The Ecological Crisis In Jack London's The Valley Of The Moon

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Jack London’s pastoral trilogy composed of his late writing career, Burning Daylight (1910), The Valley of the Moon (VM, 1913), The Little Lady of the Big House (1915) indicates his third transition in literary creation. As Sun Fengrui pointed out, VM could be a moderate method in dealing with social evils instead of radical social critique in his previous works (Sun 2008:86). However, as a writer righteous and loyal to his epoch, Jack London has been striving for justice as well as truth with his pen. His reflections on the crisis of spiritual ecology of capitalist society deserves interpretation and entails further study.
Ecological crisis not only has resided in natural and social fields, but invades into the spiritual realm of human. Spiritual crisis or spiritual emergency is recognized by the American Psychiatric Association as a distinct psychological disorder that involves a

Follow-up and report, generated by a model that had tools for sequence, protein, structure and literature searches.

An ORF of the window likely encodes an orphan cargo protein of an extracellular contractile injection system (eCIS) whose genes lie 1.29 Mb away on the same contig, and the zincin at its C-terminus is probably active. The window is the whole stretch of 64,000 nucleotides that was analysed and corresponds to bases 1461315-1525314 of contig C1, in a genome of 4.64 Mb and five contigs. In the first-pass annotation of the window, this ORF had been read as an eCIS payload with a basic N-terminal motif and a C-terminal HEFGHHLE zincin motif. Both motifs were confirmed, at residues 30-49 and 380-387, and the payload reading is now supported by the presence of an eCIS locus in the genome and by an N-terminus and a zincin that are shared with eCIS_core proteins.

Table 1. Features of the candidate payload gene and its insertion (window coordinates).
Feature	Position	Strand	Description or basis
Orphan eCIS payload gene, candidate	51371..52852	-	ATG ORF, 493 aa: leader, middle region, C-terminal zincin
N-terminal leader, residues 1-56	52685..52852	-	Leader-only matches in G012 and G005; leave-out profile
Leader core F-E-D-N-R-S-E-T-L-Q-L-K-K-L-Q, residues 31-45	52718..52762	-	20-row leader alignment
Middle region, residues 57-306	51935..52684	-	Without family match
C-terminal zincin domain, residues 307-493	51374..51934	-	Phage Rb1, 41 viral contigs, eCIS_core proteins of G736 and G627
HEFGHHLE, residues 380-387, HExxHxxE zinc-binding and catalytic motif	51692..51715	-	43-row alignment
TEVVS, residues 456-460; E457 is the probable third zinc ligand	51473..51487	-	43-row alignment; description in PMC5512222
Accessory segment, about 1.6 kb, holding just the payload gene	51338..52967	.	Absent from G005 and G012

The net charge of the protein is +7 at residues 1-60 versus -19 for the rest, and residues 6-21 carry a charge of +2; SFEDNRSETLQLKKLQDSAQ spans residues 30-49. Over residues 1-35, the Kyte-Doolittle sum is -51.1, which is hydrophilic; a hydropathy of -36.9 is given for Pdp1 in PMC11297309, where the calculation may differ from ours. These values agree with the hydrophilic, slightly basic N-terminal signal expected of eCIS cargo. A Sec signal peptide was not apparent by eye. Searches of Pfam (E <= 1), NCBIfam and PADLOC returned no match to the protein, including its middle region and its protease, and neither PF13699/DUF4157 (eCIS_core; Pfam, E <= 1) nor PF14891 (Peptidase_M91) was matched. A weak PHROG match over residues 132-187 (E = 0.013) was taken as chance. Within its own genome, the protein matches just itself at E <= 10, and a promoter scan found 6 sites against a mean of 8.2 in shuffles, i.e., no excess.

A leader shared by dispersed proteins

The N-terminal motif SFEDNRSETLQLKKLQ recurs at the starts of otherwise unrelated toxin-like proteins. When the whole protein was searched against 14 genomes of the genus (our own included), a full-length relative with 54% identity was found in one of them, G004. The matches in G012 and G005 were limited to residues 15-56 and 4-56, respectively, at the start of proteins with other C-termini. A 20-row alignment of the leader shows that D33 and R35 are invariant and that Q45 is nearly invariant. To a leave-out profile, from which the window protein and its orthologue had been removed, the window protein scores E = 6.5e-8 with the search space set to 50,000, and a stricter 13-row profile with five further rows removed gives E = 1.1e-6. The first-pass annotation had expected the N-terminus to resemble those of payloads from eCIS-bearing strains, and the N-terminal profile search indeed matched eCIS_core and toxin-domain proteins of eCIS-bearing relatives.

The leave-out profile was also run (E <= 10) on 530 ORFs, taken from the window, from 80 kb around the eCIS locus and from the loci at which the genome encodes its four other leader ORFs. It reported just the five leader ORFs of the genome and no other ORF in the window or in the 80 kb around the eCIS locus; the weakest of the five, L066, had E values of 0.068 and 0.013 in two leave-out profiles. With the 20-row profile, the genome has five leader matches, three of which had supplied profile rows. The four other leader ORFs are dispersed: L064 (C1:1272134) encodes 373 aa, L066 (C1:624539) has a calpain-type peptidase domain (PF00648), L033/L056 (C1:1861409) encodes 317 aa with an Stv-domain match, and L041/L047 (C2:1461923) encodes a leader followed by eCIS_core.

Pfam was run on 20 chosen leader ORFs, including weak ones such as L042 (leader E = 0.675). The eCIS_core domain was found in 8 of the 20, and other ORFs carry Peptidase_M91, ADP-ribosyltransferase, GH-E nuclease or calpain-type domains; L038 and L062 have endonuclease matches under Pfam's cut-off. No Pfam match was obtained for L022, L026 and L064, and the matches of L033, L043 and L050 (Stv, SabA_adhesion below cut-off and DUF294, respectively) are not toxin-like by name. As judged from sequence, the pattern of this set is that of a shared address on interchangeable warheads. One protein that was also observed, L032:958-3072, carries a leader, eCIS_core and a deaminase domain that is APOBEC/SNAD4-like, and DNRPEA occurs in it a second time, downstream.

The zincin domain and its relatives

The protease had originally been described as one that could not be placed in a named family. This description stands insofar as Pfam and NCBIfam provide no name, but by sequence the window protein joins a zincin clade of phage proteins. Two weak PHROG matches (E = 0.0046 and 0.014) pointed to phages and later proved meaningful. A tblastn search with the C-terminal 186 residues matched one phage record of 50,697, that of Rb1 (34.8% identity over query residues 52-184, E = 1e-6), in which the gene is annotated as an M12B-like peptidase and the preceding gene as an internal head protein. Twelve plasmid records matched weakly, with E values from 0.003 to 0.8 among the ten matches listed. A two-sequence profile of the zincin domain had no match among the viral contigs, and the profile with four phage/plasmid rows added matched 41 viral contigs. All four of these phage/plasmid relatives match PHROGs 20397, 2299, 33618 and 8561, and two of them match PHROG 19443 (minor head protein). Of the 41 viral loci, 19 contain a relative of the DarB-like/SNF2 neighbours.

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London and Charmian’s life experiences have provided an prototype for this novel, which adds autobiographical hue to it. Narrated in the fantastic, artless and autobiographical way, VM, a symbol of an ecological paradise which entails abundant ecological thoughts of the author, though it is held by some critics that the portrait of land in such a detailed manner has ruined the artistic style of VM(Sinclair 134). Nevertheless, as a writer who regards thoughts more important than forms in his writing, London here does not mean to depict land only for style’s sake but rather to emphasize his ecological thoughts. Therefore, instead of focusing on his artistic forms, this chapter counts more on ecological values from London’s land depiction. London has seen the internal relation between land deterioration and humankind’s spiritual
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